Thursday, 25 July 2024

Bond yields climb, stocks under pressure as Fed cut doubts resurface

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U.S. Treasury yields pushed to a near four-week peak on Wednesday, lifting their Asia-Pacific counterparts and the dollar while pressuring equities, as data sowed new doubts about the timing and extent of Federal Reserve rate cuts, Reuters reported.

Crude oil rose for a fourth day to reach a four-week high amid speculation OPEC+ will maintain production cuts at a meeting this Sunday.

Benchmark U.S. 10-year yields ticked up as high as 4.568% in Tokyo trading hours, a level not seen since May 3, following poorly received two- and five-year Treasury auctions overnight.

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Equivalent Japanese yields hit the highest since December 2011 at 1.07%, while Australian yields jumped to a more than three-week top of 4.428%.

Investors were also caught off-guard by a sharp improvement in a U.S. consumer confidence measure for May. Economists had predicted a fourth straight month of weaker confidence, particularly after a tepid reading for the University of Michigan’s analogous survey result from Friday.

That has kept the market guessing about the strength of the economy and sticky inflationary pressures, which in turn cloud the outlook for the Fed’s policy path.

Traders currently put the odds of at least a quarter-point interest rate cut by September at 44% following the data, from a coin toss a day earlier, according to the CME Group’s FedWatch Tool.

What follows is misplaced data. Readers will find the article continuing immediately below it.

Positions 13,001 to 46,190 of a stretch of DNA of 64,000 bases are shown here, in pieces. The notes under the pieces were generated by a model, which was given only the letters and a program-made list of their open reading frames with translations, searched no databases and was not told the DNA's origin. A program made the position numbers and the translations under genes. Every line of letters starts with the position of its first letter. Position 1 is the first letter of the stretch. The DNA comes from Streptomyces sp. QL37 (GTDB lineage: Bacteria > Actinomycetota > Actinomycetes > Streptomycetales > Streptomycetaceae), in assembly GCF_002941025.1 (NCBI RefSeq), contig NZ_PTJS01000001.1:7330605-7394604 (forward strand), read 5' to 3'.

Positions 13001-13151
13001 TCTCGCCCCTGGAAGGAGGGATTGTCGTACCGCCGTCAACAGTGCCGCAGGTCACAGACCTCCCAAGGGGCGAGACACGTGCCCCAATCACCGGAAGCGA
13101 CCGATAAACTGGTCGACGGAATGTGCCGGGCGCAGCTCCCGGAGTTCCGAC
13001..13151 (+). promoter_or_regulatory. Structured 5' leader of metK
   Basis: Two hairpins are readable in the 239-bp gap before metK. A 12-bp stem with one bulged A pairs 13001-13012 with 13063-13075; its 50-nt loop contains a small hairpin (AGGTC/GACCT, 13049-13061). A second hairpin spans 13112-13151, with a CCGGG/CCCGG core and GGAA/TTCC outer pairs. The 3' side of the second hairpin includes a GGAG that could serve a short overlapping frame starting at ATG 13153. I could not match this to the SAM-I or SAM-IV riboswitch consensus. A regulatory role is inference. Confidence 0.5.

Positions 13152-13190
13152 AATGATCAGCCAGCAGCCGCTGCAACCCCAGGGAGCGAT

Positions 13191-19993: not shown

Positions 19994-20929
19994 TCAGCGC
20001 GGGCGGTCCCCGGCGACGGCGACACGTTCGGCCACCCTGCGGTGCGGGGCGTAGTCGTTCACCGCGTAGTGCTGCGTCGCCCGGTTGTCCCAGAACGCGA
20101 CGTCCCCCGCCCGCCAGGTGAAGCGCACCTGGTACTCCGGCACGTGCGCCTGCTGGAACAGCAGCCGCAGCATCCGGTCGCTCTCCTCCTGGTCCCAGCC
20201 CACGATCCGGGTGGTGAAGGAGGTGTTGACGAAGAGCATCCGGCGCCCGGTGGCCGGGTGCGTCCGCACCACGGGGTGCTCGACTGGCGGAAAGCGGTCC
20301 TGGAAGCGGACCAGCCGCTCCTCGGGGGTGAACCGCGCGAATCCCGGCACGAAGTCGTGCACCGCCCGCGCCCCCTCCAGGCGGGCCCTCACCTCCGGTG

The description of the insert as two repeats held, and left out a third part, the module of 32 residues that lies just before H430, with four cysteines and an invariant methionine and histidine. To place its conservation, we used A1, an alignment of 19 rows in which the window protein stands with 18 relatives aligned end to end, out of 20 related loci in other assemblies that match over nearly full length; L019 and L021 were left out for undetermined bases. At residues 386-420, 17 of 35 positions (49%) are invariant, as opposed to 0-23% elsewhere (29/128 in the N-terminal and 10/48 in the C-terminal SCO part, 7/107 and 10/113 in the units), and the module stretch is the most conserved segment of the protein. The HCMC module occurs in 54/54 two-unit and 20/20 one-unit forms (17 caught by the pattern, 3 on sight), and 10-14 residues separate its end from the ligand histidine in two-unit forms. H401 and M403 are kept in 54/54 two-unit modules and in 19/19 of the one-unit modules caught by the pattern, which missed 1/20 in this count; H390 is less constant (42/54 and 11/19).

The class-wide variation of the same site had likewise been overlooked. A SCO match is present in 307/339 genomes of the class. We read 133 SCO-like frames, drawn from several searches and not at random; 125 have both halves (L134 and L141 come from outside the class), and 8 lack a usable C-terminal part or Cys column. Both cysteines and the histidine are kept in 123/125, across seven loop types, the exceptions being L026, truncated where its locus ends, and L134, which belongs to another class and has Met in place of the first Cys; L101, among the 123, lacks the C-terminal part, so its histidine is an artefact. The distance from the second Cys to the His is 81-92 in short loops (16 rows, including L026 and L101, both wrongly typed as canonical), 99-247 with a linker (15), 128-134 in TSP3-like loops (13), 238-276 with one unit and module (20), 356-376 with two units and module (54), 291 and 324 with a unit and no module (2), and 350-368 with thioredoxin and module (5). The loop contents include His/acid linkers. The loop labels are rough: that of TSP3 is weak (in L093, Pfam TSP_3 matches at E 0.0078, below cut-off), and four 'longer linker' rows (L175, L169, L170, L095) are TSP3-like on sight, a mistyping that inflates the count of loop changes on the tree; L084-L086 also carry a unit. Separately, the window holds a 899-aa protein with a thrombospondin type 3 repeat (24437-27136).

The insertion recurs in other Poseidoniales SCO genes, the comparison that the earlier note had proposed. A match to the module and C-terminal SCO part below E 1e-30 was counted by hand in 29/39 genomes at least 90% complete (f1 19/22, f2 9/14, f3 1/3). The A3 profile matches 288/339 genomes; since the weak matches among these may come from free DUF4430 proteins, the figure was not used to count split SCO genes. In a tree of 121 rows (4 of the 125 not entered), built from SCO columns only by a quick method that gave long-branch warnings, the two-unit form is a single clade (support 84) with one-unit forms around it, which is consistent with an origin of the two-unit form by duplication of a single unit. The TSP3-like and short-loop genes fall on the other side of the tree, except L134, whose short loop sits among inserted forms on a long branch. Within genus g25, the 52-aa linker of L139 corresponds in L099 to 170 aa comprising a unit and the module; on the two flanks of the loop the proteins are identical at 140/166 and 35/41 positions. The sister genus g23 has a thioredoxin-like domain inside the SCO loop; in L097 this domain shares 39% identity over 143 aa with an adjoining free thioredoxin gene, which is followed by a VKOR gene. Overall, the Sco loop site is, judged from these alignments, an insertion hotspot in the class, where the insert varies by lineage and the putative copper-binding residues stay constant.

The dollar rose to a four-week peak of 157.41 yen on Wednesday, while gaining about 0.1% against both the euro and sterling.

Australia’s dollar slipped slightly to $0.6646, giving up gains from earlier in the day following an unexpected jump in local consumer inflation last month.

“Whether incoming U.S. economic news sees the money market pendulum swing back in favour of lower U.S. rates in Q3” will be key to whether the Aussie can top this month’s four-month peak of $0.6714, National Australia Bank strategists wrote in a client note.

“Our base line view is ‘yes it will’ – we still have September for a first Fed easing, then another by year-end.”

Regional stock markets were lower on Wednesday, with the notable exception of mainland China.

Japan’s Nikkei slipped 0.8%, Australia’s benchmark dropped 1.2%, while Hong Kong’s Hang Seng slid 1.8%.

However, mainland blue chips edged 0.1% higher after the IMF upgraded its economic growth forecasts for China.

MSCI’s broadest index of Asia-Pacific shares dropped 1.4%.

U.S. S&P 500 futures pointed 0.4% lower following a flat finish on Tuesday for the cash index.

UK FTSE futures shed 0.5% and German DAX futures lost 0.3%.

In energy markets, Brent crude futures for July delivery rose 18 cents, or 0.21%, to $84.40 a barrel. U.S. West Texas Intermediate futures for July climbed 29 cents, or 0.36%, to $80.12.

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